CITIES AND HUMAN MINDS
Lakshmi pushed open the glass doors of the restaurant, watching her face split in two. She is thinking of the man she kidnapped the night before, now lying trussed up in her bathtub. That is how CP Surendran’s recent novel, Lost and Found, begins.
Let us get the basics of the plot: Lakshmi is a porn writer for an online site; her boss offers her job security in return of physical favours. She has kidnapped a man from a party the previous evening thinking him to be the same person who raped her on a moving train 16 years ago. We learn that the man is Placid Hari Odannur, a freelance journalist from Kerala who contributes to the tabloid, Bombay Express. The story then unfolds as Lakshmi, her neighbours, Placid and a teenage actor, Nirmal, find themselves as hostage to Salim, a terrorist trained in Pakistan by a fanatic called Abdul Razak. Salim is leading a siege of Bombay.
How does he define the novel, I ask Surendran. “Lost and Found is the story of a handful of colourful characters, a social satire and a tragedy, all at the same time,” Surendran asserts. However, “many critics have failed to see its complexity”. According to the novelist, the critics “see it as just satire and miss out on the other aspects... or vice versa”. “Says a lot for our critics”, Surendran quips.
The novel is set in Karachi as well as in Bombay, as he prefers to call the city. Besides Karachi — where hatred is preached in the seemingly regressive social settings, Bombay assumes the role of a character in the novel. The fanatical Cow Sena in Bombay, the congested streets, the seafront, and hectic and competitive life in the city — bring alive Bombay. I wonder how different the novel might have been had it been set in some other cities. Surendran says both Karachi and Bombay are “irreplaceable” in the scheme of the novel. “Both are teeming complex, coastal cities. In Bombay, Bollywood assumes that aspirational function. Karachi foments terrorism, which is one way of reaching Allah in a hurry,” the novelist tells me.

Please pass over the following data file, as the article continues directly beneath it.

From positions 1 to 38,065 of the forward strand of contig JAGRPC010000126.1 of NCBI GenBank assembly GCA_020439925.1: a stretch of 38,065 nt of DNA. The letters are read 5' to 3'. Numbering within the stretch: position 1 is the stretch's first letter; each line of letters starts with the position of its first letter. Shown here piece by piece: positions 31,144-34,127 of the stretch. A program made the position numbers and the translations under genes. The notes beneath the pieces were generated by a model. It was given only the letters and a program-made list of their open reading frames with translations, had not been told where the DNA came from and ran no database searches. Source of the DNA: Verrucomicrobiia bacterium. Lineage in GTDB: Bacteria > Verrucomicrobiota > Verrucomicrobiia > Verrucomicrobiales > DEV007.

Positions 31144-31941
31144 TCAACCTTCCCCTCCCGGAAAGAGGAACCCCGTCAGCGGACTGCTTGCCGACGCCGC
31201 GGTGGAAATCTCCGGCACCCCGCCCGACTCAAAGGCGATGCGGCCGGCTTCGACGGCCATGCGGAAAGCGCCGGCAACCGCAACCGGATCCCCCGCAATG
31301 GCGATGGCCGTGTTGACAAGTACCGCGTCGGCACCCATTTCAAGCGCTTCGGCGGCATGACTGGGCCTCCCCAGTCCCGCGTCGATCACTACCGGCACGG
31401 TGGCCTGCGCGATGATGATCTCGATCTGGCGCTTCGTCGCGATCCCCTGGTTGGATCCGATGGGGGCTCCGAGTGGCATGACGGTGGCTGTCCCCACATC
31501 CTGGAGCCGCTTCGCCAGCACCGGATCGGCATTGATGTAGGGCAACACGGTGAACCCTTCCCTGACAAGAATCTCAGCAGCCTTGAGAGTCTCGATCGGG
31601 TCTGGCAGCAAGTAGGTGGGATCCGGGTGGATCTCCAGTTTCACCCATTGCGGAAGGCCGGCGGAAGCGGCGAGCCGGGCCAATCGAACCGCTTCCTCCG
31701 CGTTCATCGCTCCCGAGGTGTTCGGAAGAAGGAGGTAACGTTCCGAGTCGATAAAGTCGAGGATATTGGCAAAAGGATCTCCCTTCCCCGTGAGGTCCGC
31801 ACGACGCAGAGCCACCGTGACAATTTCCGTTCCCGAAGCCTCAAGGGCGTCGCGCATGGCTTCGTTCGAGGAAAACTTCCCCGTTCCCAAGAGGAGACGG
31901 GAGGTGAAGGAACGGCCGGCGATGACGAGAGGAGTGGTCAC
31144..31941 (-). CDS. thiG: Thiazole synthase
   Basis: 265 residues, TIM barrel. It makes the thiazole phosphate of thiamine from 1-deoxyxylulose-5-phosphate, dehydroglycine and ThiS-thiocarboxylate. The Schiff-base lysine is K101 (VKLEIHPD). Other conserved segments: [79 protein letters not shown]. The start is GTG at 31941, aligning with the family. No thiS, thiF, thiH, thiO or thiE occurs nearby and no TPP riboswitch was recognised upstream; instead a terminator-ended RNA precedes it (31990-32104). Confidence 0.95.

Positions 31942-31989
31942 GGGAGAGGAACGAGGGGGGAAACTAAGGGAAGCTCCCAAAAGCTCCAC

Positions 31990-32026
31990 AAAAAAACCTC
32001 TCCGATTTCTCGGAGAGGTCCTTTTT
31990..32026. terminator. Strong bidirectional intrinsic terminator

And not just because the “substantive action unfolds in Bombay” against the backdrop of a terrorist attack (like the one on 26/11), not even the digs at the outfits who are like Shiv Sena, Bombay is truly unparalleled because, “no other city in India comes close to the frantic energy that Bombay spews out, and some of that energy is what makes the hyper action of the novel just,” Surendran elaborates. “And I’d like to believe that the language too shows a certain manic dimension modelled on the city”.
There are several characters in Surendran’s novel besides the main players. There is the autorickshaw driver Sunil Shinde; Lakshmi’s neighbours Githaa and her husband Rajgopal; and there is Fatima in Pakistan who is Salim’s mother and love interest of Razak. “The characters of Lost and Found discover who they are through a series of dispossessions. Quite a few of heart-shaking experiences in identity formation are accidental. But, then, one of the central arguments of the novel is about the decisive influence of chance in our lives,” Surendran explains. “And it is the chanciness of life, the dark, comic improbability of the most probable things that lends Lost and Found a certain tenor of gallows humour: the ironies of the accident”.
Let me not play a spoiler by divulging the story. But with the twin brothers coming face-to-face, sudden revelations about the identities and the rest of the twists and turns, it reads like a film script. The language is often conversational; descriptions are a bit graphic. I put this to the author. “That is the way I write. I see the scene pretty clearly as I write. It is only in writing that I observe details,” he says. Surendran then mentions Graham Greene, “a great master of highly visual writing” who “might have influenced” him as well.
An interesting part of the novel is how Surendran depicts the relationships between Bombay Express editor Shantanu Roy and Arun, a senior staffer in the tabloid: There are so many ways of defending the freedom of the press, and, of late, Arun’s chosen method has been to go along with whatever his editor said. Has Surendran taken a dig at the way in which the media houses function? “Well, we live in a profoundly dishonest society. Even the democracy we constantly talk about is strangely ineffective. But we will never admit that we are in that sense undemocratic. This is because we believe in tokenism,” he says.
Having said that Surendran admits that there is a “real conflict” between his journalistic self and his novelist self. “To some extent that finds a representation in the novel,” he adds.
(Photo courtesy: CP Surendran)
Lost and Found
By: CP Surendran